. Brad Setser: Latin America joins Bretton Woods 2 (Big Time)

Brad Setser detects a renewed willingness, within Latin American economic policy circles, to avoid sharp episodes of currency appreciation. (See my post on this issue here). The thing to keep in mind is that these countries are not ... Scandinavian countries. If Denmark can compete in the global economy despite the high cost of its labor force, it's because its top-quality governance leads to stable property rights and therefore to a low cost of capital. Meanwhile, the quality of governance in Latin America is deteriorating day by day — the "domestic" cost of capital is definitely not falling. Therefore, these countries need to stick to the New Bretton Woods proposition.

Mr. Trichet & Financial Innovation.
. Keynote address by Jean-Claude Trichet, President of the ECB at the 22nd Annual General Meeting of the International Swaps and Derivatives Association

Interesting speech by the ECB president on the impact of Credit Default Swaps on liquidity conditions. I am preparing a more detailed post on this issue. Here are some quotes:

... technological innovations have significantly enhanced the ability of banks to grant credit ... Credit derivatives could therefore make the economy, and thus monetary policy, increasingly sensitive to credit market movements ... Price discovery in the credit derivatives market reduces the risk of mispricing loans ... Banks are moving from the traditional “buy-and-hold” model to the “originate-and-distribute” model, whereby they distribute portfolios of credit risks and assets to other market players ... Indeed, some evidence from the United States, based on individual loan data, supports the idea that banks are increasing the supply of credit as they obtain additional credit protection through credit derivatives.

Wednesday, April 18, 2007

. Endogenous liquidity: the madness continues

Our preliminary —and rudimentary, temporary, untested, 1.0— version of an Endogenous Liquidity Index (ELI) eased 0.32% yesterday. The VIX and junk bond spreads pulled the index down, while CDS spreads and the Goldman Sachs share price provided some support. Still, the index is up a healthy 8.42% with respect to March 30. As Gary Kaminsky, a Neuberger Berman asset manager, just said on CNBC: "Liquidity will put a floor under asset prices". Indeed.

Tuesday, April 17, 2007

. Paul McCulley on PIMCO's Cyclical Outlook and Investment Strategy.

PIMCO economist Paul McCulley discusses the world economy and casually defines liquidity in a way that combines "funding liquidity" and "market liquidity":

At the end of the day, liquidity isn’t about money stock growth, but a risk-seeking state of mind. In other words, liquidity isn’t about money on the sidelines per se, but rather about the risk appetite of those on the sidelines. And when risk appetite turns, no amount of liquidity on the sidelines matters, particularly when a crowd gathers there. This is the essence of modern day finance. The human condition is, in the end, momentum-driven, not value-driven.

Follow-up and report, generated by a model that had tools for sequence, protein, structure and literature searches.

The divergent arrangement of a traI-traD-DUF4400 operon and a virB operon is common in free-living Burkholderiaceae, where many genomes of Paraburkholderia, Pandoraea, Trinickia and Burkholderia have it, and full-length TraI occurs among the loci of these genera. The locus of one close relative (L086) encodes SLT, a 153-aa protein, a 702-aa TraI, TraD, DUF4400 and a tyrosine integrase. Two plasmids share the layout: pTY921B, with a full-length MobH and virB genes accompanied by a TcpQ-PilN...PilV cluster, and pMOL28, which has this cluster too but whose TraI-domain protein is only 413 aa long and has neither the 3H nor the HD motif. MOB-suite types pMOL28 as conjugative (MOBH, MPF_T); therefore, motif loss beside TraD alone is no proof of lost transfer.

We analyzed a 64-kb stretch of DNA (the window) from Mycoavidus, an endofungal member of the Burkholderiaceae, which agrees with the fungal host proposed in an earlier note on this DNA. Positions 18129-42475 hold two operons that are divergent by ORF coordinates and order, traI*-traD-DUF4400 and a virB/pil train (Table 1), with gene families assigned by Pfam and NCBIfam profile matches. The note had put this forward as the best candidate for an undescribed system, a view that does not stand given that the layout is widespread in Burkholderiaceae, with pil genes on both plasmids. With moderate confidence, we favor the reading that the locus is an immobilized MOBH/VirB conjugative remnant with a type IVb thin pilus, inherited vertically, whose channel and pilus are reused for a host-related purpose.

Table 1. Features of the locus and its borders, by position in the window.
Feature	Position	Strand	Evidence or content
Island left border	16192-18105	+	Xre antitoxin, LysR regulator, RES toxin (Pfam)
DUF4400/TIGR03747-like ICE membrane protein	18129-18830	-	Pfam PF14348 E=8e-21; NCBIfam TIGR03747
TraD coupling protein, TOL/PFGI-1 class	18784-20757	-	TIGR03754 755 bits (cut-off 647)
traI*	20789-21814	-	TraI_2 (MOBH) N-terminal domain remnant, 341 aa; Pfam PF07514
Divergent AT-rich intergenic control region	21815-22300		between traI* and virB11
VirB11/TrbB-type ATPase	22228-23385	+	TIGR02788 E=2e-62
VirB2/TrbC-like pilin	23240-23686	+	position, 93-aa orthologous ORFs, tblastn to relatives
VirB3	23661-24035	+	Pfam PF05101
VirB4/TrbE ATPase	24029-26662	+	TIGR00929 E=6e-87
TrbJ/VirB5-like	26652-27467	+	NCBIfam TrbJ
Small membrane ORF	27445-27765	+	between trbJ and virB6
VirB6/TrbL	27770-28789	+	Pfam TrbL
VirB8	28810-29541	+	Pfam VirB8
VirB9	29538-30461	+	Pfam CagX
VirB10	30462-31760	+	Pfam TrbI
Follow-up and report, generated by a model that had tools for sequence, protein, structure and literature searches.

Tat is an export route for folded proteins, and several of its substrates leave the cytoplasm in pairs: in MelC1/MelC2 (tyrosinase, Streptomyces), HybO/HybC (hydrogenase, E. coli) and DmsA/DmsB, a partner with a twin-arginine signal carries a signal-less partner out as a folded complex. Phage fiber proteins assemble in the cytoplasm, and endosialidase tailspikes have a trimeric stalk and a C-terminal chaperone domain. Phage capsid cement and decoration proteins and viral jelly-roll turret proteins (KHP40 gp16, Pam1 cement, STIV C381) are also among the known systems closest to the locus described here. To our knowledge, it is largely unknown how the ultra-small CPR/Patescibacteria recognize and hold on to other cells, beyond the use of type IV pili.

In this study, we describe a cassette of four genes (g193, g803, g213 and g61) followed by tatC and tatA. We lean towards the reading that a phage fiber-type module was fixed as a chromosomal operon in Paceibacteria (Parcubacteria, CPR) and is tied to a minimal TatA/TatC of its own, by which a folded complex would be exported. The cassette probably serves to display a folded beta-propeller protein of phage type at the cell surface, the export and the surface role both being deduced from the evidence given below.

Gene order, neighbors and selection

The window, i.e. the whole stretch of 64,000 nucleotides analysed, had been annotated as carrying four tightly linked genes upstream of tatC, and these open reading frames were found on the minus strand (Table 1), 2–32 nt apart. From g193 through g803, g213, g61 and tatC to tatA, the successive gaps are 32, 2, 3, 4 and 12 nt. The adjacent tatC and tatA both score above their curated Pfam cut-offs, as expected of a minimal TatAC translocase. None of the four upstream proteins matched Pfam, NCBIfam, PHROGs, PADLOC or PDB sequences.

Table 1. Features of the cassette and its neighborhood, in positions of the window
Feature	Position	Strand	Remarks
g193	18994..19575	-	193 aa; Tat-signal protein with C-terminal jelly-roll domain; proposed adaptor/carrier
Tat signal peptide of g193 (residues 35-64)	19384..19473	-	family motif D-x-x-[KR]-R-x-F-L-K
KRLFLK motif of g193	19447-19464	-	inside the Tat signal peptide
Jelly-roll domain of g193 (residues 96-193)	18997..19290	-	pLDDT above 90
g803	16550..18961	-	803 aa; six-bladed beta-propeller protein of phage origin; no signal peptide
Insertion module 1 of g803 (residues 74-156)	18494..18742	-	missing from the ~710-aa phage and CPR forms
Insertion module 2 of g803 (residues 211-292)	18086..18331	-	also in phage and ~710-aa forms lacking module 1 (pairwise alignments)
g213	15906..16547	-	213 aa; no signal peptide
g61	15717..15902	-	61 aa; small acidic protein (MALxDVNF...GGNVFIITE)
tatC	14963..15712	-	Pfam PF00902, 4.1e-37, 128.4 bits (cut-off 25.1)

This is exactly the reason why we pay attention not only to our own Global Liquidity Measure, but to CDS spreads, the VIX index, the Goldman Sachs share price, etc.

Monday, April 16, 2007

. Ken Fisher. "Stocks Never This Cheap", Forbes Digital Rules

- Ken Fisher, again. "All around the world", says the investor, "earning yields--defined as E/P (earnings over price) --are higher than 10-year government bond yields. For the American S&P index, the E/P is 6.7%. Compare that to the cost of borrowing. The average S&P company can borrow money at 5.8% pre-tax, or about 3.8% after-tax." Fisher is prompt to add that this highly abnormal situation ("We live in a unique period of history") has lasted already for 54 months. Remarkably, our own Global Liquidity Measure is growing at more than 10% for ... 53 months in a row. This, too, is quite unique.

- Geithner on funding and market liquidity. Timothy Geithner, the New York Fed president and CEO, tries to inject a dose of rationality into the debate about the "current period of exceptional liquidity". He defines funding liquidity as the "availability of credit or the ease with which institutions can borrow or take on leverage". Market liquidity, in turn, is referred to as "the ease with which market participants can transact, or the ability of markets to absorb large purchases or sales without much effect on prices". The two concepts, adds Geithner, "are closely related and are often mutually reinforcing". This is exactly what is happening right now.

- Argentine reserves at record level. According to the Financial Times, Argentina's reserves reached a record level of $47.4bn. True to its tradition as the boom-and-bust country par excellence, Argentina is firing on all cylinders, systematically undervaluing its currency and accumulating dollar reserves at full speed. Once the music stops, it will not be a pretty picture.

- Norway to lift equities exposure. Norway's government pension fund, with $300bn under management, is about to lift its exposure to global equity markets from 40% to 60%. According to the Financial Times: "In a significant reassessment of the fund’s attitude towards risk, it also announced on Friday that it would bolster investments in smaller listed companies, may invest in real estate and will also in coming years consider investments in private equity and hedge funds".